The Power Of Doing Only One Thing
We, humans, assume we’re multi-tasking beings.
And thus we write content drafts, text our friends, reply to emails and check our Facebook feed, simultaneously. All the time.
Tell me you don’t do that.
I know, you do it.
Hell, even while reading this you’ve got multiple browser tabs open, haven’t you?
Let me guess: one of them is Gmail, other maybe Facebook or Twitter and a Google doc maybe.
Don’t worry or feel guilty. Everyone does it.
So did I. Until recently — when I realized why multi-tasking is NOT good for us, in the long run.
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And today, I’ll try to convince you Why You Should Quit Multi-tasking & concentrate on a single task at a point of time.
Our Brains aren’t designed to perform multiple tasks simultaneously
You’d say “Hey, I walk and eat a chocolate at the same time, is that wrong?”
Nope. Read on, let me clarify:
Our brains aren’t meant to perform two or complex tasks at the same time.
By complex tasks I mean, working on an important project, checking out Facebook feed and replying to emails.
…or Driving while talking to a person on the phone.
You can eat a gum and walk at the same time. No problem with that.
I know, we can work on an important project and check-out Facebook feed simultaneously.
But, that’s exactly what we aren’t supposed to do.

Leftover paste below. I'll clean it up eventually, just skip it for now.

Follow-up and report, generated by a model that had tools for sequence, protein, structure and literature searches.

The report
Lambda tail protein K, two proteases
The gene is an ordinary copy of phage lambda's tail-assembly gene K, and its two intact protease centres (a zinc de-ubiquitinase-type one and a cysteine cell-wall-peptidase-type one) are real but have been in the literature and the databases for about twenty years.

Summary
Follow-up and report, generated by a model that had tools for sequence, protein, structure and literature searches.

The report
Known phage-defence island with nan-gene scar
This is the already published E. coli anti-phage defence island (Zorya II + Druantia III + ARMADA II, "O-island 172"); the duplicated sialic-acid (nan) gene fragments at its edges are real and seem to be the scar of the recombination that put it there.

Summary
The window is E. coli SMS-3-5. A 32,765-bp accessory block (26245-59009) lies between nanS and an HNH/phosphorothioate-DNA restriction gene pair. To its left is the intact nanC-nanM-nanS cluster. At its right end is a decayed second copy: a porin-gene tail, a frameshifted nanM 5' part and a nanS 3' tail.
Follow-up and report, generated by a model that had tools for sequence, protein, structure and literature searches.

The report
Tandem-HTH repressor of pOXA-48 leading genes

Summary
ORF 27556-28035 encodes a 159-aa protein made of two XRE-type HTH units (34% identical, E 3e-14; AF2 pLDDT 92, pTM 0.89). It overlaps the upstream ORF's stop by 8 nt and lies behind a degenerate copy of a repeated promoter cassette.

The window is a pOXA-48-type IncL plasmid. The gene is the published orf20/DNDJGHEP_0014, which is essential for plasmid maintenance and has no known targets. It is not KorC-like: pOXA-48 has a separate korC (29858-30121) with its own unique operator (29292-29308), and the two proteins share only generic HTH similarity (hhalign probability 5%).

According to Art Markman, cognitive psychologist and author of Smart Thinking
“The human brain doesn’t really multitask, what the human brain does is what I call time-sharing”
Effectively this means you can only concentrate on one task at a time and when other tasks seek attention you’ve to switch from your current task to the new task.
Switching between tasks involves a significant amount of cognitive cost
“In effect, you’ve got writer’s block briefly as you go from one task to another. You’ve got to (a) want to switch tasks, you’ve got to (b) make the switch and then you’ve got to © get warmed back up on what you’re doing”,
According to David E. Meyer, Professor at the University of Michigan and is Chair of the Cognition and Cognitive Neuroscience area of the Psychology Department.
These mental blocks between switching from one task to another could cost up to 40% of one’s productive time according to Meyer.
Now, that’s something grave.
The point of multi-tasking was trying to do more in less time, right?
We aren’t achieving that, it seems.
Multitasking can affect Your Focus
When you switch between tasks rigorously, like checking your email, it takes more than 60 seconds to switch back to your previous task. And not just that, you’ve lost your FOCUS.
The human brain, with its hundred billion neurons and hundreds of trillions of synaptic connections, is a cognitive powerhouse in many ways.
“But a core limitation is an inability to concentrate on two things at once”
…said René Marois, a neuroscientist and director of the Human Information Processing Laboratory at Vanderbilt University
Multitasking lowers Your IQ and Damage your Brain